The importance of intangibles to organisations and the complexity of recording these in the financial accounts.
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'The concepts and conventions of accounting provide very clear guidelines for the accounting of assets within the balance sheet'. Knowledge is becoming the new engine of corporate development with fewer companies relying heavily on tangible assets such as machinery and buildings to measure their value. Successful companies are more inclined to invest heavily in their employees and knowledge base, which prompts the question, How much are they really worth?. Intangible assets such as knowledge and patents are often over looked in company accounts whilst more forward thinking organisations have realised that these are an integral part of their business. Historically the failure to include intangible assets in financial accounts has fuelled the confusion as to their precise description. Henderson and Peirson 2002 described intangible assets as 'rights rather than objects'. The International Accounting Standards (IAS) defines an intangible assets as an 'identifiable non-monetary asset without physical substance'. It would seem reasonable to expect a degree of inconsistency with regard to their treatment in financial accounts especially in light of the above definitions. The article from 'Accounting' magazine mentions the vast sums of money (£1m)
Critics have often blamed the inability of many organisations to submit transparent accounts for the spectacular market failures over the last few years (Holland 2002). So why are intangible assets and intellectual capital so hard to measure in company financials if they are so important to the future success of organisations. Accounts were traditionally designed to measure tangible items such as machinery and buildings and secondly some intangibles are much harder to measure than others. Companies such as the pharmaceutical giant, GSK as mentioned in the case study place considerable value on innovation and market differentiation, but what is important to one company may be worthless to another. This creates another problem for the finance managers as how can you place a value on creativity. Intangible assets can be separated into Human capital, Relational capital and Organisational capital, example of each are shown below: Human capital * Know-how * Education * Qualifications * Work related knowledge Relational capital * Brands * Customers loyalty * Channels * Company names * Company logos Organisational capital * Patents * Copyrights * Design rights * Trade secrets As mentioned earlier in this discussion the financial reporting for intangible assets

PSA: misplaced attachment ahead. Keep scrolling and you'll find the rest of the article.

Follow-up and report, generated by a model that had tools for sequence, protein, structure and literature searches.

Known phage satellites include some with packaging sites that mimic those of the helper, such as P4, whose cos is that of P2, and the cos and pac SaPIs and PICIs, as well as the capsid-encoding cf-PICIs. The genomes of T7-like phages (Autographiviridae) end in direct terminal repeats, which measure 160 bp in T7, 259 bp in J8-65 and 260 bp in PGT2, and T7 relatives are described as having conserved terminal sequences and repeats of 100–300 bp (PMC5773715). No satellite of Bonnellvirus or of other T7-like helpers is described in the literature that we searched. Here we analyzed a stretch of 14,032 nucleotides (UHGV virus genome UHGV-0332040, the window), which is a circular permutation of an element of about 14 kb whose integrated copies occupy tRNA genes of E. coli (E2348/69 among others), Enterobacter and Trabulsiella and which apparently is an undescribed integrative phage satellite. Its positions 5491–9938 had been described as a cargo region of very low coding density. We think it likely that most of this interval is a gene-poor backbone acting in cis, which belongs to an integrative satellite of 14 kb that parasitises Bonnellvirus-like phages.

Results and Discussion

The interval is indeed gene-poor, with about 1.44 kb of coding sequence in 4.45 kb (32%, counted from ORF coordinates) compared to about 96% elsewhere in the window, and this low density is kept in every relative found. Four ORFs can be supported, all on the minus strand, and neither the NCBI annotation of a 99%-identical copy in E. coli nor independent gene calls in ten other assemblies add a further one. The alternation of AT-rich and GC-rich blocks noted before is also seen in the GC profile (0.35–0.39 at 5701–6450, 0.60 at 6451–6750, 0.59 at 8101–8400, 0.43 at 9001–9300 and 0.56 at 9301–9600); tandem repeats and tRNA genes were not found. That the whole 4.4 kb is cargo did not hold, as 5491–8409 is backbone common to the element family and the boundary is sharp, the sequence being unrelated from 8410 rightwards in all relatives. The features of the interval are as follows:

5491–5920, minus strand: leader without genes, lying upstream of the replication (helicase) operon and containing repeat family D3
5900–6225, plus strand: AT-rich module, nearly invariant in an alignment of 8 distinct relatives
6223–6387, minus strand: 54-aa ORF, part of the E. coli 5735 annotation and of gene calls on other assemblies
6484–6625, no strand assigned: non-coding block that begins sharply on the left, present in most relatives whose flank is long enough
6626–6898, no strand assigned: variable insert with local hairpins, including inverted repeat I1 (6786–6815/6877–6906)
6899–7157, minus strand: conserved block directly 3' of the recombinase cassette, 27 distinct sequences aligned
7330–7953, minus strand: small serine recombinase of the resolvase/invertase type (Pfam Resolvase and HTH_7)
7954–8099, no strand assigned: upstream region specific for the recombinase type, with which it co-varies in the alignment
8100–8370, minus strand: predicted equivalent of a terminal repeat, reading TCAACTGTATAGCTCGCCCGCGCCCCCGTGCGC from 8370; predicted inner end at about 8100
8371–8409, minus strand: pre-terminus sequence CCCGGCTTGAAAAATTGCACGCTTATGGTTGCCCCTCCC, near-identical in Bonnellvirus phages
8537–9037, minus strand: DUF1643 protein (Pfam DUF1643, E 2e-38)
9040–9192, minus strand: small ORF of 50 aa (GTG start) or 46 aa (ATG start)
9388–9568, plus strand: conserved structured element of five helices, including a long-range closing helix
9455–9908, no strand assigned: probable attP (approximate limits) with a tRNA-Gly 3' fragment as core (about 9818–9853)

The ASB provided guidance in January 2003 for the contents of the OFR's and stipulated that it should include commentary on the following: * Corporate reputation * Intellectual capital * Licenses * R&D * Trademarks and copright * Customer relations * Market position and dominance (CIMA website) This discussion has focused on the importance of intangibles to organisations and highlighted the complexity of recording these in the financial accounts, as large investments in intangibles don't appear as positive assets in traditional accounting methods. The comments of one senior accountant (Nick Winters, PKF 'Accounting Magazine') shone much sceptism on how the inclusion of intangible would actually work in practice as the 'balance sheet would be jumping up and down all over the place'. He concludes that despite these problems 'it would be ridiculous for a business with good ideas not to put them down in the balance sheet, but in practice it is much more difficult'. It is highly likely that a recognised model for accurately recording the value of intangibles will take a long time to develop but it extremely important that organisations continue to experiment with different approaches as modern day investors require a much higher degree of transparency.
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